I’ve collected a treasure trove of git tricks over the years, the vast majority coming from raw necessity (and a few that were just technically neat). As I’ve started work at Hacker Noon as a Full Stack Developer, I’ve shared quite a few of these tips with the team, and I’d like to share some of them with you.
Problem: I’m afraid I’m going to screw things up!
This isn’t really a git problem, but I’ll answer it anyway, because git has a power tool for not screwing things up: branches. Branches are dirt cheap. Create as many as you need. If you think you’re going to screw up, branch off of your current branch, branching strategies be damned. Branching strategies are for the shared repo (Github, etc.), not your local repo — just don’t push the branches, and you’re golden. I’ll write more about branching strategies, including the flow we use here at Hacker Noon, in a future post.
Problem: I committed to the wrong branch!
The solution to this issue very much depends on whether you’ve pushed. If you have pushed, you might be screwed — skip the next paragraph to see why.
Let’s start with the simple case. If you haven’t pushed, no problem: this guide will walk you through the cherry-picking process. In a nutshell: just switch to the branch you want to commit to, and git cherry-pick $COMMIT_HASH. If you haven’t pushed, there’s a simple command you can run to delete the accidental commit. However, this command can break things. Only run it if you’re absolutely sure you can safely delete the last commit. To do this, run git reset — hard HEAD~1 on the branch you accidentally committed to.
So, how can you be absolutely sure you can safely delete your accidental commit? If you have pushed, like I said, you might be screwed. If anyone else is working on that branch, there’s nothing you can do. You can’t just rewrite history on them, after all.
That said, if you’re really sure that it won’t mess up anyone else’s work (e.g. you’re the only one working on a branch), you can run the reset above then use another dangerous command, a “force push”, to get rid of the commit. Beware! If you force-push a branch that others are working on, you’ll have different revisions on different machines, and work can be lost. This is not a good scenario.
If you’re sure, you can git push -f origin $BRANCH to force-push your branch.
Problem: I have a branch name with a task number or something weird, and I’m sick of typing it.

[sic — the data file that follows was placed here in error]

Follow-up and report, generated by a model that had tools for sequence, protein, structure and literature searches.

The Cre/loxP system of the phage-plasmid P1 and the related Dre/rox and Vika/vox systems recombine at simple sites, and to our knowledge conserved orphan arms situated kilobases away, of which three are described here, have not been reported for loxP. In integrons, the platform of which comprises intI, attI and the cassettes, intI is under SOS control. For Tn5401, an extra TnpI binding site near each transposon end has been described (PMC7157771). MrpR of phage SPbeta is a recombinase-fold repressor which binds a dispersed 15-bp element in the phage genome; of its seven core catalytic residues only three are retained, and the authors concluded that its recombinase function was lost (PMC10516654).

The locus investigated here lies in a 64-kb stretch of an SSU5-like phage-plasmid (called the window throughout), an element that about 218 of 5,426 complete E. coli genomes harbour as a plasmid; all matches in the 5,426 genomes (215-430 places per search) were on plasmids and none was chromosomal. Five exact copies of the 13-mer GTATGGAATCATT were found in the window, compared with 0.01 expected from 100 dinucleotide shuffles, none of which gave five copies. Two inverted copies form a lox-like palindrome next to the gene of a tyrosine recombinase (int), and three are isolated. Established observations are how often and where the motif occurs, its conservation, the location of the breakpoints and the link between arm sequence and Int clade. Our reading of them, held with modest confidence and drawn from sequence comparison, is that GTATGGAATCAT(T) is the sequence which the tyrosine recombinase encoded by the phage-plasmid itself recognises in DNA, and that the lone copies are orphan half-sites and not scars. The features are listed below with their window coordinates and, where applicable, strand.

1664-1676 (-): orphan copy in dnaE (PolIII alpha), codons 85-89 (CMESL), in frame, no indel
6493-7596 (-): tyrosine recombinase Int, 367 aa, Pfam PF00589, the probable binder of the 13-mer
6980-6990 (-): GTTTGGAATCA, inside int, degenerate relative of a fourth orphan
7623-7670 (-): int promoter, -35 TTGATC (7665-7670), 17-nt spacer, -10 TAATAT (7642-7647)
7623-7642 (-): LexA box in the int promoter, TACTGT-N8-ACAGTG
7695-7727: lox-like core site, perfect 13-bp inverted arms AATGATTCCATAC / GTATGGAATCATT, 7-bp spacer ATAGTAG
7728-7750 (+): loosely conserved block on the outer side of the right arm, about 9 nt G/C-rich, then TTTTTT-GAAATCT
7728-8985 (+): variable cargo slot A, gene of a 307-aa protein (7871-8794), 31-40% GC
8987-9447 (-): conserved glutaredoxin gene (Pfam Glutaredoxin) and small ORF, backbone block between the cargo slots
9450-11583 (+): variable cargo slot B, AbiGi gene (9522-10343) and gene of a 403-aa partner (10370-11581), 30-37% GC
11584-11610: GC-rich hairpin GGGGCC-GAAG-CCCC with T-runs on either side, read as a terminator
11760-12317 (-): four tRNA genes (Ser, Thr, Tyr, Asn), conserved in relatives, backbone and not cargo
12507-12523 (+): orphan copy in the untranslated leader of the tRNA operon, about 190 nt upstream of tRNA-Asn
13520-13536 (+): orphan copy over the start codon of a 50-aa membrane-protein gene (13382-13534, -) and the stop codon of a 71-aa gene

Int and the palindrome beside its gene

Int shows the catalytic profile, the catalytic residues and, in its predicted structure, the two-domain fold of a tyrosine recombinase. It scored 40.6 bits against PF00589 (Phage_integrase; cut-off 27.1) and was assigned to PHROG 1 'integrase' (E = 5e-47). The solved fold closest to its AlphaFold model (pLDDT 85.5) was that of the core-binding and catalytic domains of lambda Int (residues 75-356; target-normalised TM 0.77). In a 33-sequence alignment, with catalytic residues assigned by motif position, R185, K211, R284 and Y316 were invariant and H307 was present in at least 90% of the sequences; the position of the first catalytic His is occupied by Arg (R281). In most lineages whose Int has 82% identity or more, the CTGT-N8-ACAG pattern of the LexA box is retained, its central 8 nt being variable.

The solution here is twofold: you’ll want to install tab completion for git, and there’s a neat trick for referring to the branch when pushing. For the first part, you’ll want something like oh my zsh for tab completion. As for the second part, there’s a simple shortcut I like to use. Simply git push -u origin HEAD and you’re good to go!
From then on, you can just git push and everything will “just work”. Please note, that -u switch sets the origin remote as the upstream source for that branch. Essentially, that just means that origin will be the default remote source for git pull and git push.
A related tip: you can use git checkout — to check out the last branch you were on. This is great if you need to check out a branch that a teammate’s working on, and want to switch back and forth between branches.
Problem: I found an answer to my problem on Stack Overflow, but I don’t understand this funky git command.
I hate to tell you this, but: it’s time to learn git internals. But fear not! Git isn’t that hard to learn — at its core, it’s actually a simple set of commands on top of a relatively simple data structure. It’s just a power tool — you can use it in crazy ways, because the authors decided to give you that ability. It was designed for a lot of different use cases, so specific use cases like cherry-picking from an accidentally-committed branch are not front-and-center.
I can’t explain it nearly as well as Scott Chacon did in his book, Git Internals, which is generously available for free online. Please, read that book, and I guarantee you’ll walk away with a better understanding of git.
Problem: I’m sick of typing these long, crazy git commands to fix things.
This has a quick and useful solution: git aliases. You can configure an alias with something like git config — global alias.ci commit, then you can write git ci to run git commit.
I don’t know everything about git, by any stretch, but hopefully this helped. Do you have any git protips to share?